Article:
"There are many people who are not total abstainers who count the saloon a bad institution and will knock it at the polls, and many more who resent the impertinence and impiety of the Sunday saloon and will work actively against your ticket. Senator, I have always voted a straight Republican ticket; but if you depose Colonel Roosevelt for having done his sworn duty as police commissioner I will bolt the ticket this fall, and you will find my ballot in that avalanche of votes. I never made a political speech in my life, and yet if you turn down Roosevelt, because you fear the saloon power will beat him, I will take the stump and make a score, or if need be fifty, speeches from here to Buffalo between now and election day and tell the people how it happened, and ask them what they think of it. There is especial reason for caution this fall. You will be handicapped by the fact that this is an 'off' year, not a presidential one, and by the severe criticism on the Republican party for its administration of the canals of the State;

and you will need Roosevelt's physical, mental and moral enthusiasm to pull your ticket through."

The Senator said, "Another strong reason why I object to Roosevelt's nomination is that he is such an independent I fear he might go back on the Republican party, if he were to be elected Governor, and fight those of us who put him in office, just like that fool of a Strong, whom we Republicans elected Mayor of New York and who had scarcely taken his seat before he turned against us, who had elected him, and gave the city back into the hands of Tammany Hall at the next election." "Senator," I said, "I think your fears are unfounded. While I am sure he would not stand for any wrongdoing in his party, I consider him a sound Republican and feel that you could rely on him as such." Senator Platt, who was a very keen man, and one of the best judges of human nature I ever saw, sensed the conflict which indeed did come between him and the Colonel over the policies and leadership of the Republican party of the State.

It had gotten to be 5:30 o'clock in the afternoon. Who should get off the train I was to take for home but B. B. Odell, Jr., chairman of the Republican State Committee; Joseph Dickey, Mr. Bain, and others of Newburgh, my personal friends. Mr. Odell said: "Hello, what are you doing down here?"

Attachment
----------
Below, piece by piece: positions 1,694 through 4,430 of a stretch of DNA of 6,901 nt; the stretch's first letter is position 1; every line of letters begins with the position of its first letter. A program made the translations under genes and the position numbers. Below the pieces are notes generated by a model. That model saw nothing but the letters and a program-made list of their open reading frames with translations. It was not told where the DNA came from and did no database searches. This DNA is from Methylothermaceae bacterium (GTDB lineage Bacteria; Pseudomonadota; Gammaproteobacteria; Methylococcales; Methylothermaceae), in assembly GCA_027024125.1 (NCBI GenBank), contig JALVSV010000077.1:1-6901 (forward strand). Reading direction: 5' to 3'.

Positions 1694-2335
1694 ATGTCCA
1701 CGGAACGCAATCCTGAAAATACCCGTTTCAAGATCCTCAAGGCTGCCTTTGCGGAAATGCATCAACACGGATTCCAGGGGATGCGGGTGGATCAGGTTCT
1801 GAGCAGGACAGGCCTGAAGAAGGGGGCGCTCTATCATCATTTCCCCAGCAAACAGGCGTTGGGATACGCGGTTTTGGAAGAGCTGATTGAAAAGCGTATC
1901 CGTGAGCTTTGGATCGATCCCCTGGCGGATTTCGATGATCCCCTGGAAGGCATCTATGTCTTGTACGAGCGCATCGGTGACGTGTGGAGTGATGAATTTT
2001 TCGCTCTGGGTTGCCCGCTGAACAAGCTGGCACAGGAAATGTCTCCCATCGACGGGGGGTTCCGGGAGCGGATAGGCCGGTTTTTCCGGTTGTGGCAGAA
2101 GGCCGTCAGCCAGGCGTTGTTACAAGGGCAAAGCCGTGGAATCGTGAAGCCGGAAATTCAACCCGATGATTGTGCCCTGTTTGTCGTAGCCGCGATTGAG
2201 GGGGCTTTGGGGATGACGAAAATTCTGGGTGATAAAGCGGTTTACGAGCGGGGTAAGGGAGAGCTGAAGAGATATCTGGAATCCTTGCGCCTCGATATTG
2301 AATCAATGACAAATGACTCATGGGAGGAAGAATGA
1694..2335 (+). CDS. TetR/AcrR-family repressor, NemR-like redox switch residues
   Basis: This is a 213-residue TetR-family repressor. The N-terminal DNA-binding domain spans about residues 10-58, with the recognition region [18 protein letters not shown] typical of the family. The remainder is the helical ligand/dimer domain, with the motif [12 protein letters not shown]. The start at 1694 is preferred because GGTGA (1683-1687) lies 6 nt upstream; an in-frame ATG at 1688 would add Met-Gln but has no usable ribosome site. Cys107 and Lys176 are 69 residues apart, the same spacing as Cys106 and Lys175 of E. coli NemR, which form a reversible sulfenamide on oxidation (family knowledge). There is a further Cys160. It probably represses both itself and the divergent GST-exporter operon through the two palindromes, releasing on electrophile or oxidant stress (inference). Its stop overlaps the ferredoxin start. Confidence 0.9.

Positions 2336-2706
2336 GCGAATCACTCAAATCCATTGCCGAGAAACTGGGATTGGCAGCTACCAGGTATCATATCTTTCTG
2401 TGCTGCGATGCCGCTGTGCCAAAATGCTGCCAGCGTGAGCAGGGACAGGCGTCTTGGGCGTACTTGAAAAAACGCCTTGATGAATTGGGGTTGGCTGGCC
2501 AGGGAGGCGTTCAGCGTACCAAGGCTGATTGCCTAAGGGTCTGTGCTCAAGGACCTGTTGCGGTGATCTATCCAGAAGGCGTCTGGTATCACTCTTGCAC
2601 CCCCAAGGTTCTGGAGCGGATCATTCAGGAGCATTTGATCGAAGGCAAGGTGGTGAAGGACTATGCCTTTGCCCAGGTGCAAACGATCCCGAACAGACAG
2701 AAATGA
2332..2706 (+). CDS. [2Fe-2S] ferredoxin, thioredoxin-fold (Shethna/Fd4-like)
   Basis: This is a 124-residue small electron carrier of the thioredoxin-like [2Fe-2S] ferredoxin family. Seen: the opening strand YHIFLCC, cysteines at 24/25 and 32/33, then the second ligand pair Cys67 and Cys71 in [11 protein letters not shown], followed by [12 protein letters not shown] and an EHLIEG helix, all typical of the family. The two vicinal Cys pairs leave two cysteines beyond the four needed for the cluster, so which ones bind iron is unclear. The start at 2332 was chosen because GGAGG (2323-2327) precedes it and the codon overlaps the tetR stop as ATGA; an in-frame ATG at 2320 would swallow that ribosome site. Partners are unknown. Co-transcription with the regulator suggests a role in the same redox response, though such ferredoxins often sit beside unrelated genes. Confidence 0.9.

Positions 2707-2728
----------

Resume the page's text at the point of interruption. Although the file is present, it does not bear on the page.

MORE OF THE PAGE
"I came down to see Senator Platt," I replied, "to try to persuade him to nominate Colonel Roosevelt for the Governorship. The paper this morning reported that he had told you boys last night that the Colonel would not be nominated."

Mr. Odell said, "I am glad you came down. I am for Roosevelt myself and so are my friends here. I think he is the logical candidate as a war hero and reformer, and would poll a heavy vote and be elected.

The Senator has faith in your judgment, thinks that you reflect the moral sentiment of the State pretty accurately; I wish you would stay down and have another interview with Mr. Platt. Suppose you go back to the hotel and have dinner with me and see him again to-night."

After dinner I had another talk with the Senator, in which I said: "Senator, do not think for a moment that Colonel Roosevelt sent me down to see you in the interest of his nomination. He does not know I am here. I have never spoken to him on the subject. While I have corresponded with him ever since he was Police Commissioner, even since he came back to Montauk Point to be mustered out, the matter of the Governorship has never been mentioned by either. I am here because I have seen Theodore Roosevelt at close range for two years and know him to be a man of great ability and all-daring moral courage, and believe that as a leader his administration would work for righteousness."

The Senator was so cold and keen in answering my arguments and unresponsive to my warm appeals, that I went home thoroughly discouraged. Before going to bed I sat down and wrote a letter to the Colonel at Montauk Point, in which, among other things, I said: "I had thought the Republican leaders would have had wisdom enough to offer you the nomination for the governorship, but in a morning paper I saw that Senator Platt had said you would not be the candidate. I knew that settled the matter, if that opinion continued. So, without your advice or consent, I hurried down to the Oriental at Manhattan Beach to-day and had two long, earnest interviews with the Senator, in which I tried to convince him of the wisdom of your nomination. But he discouraged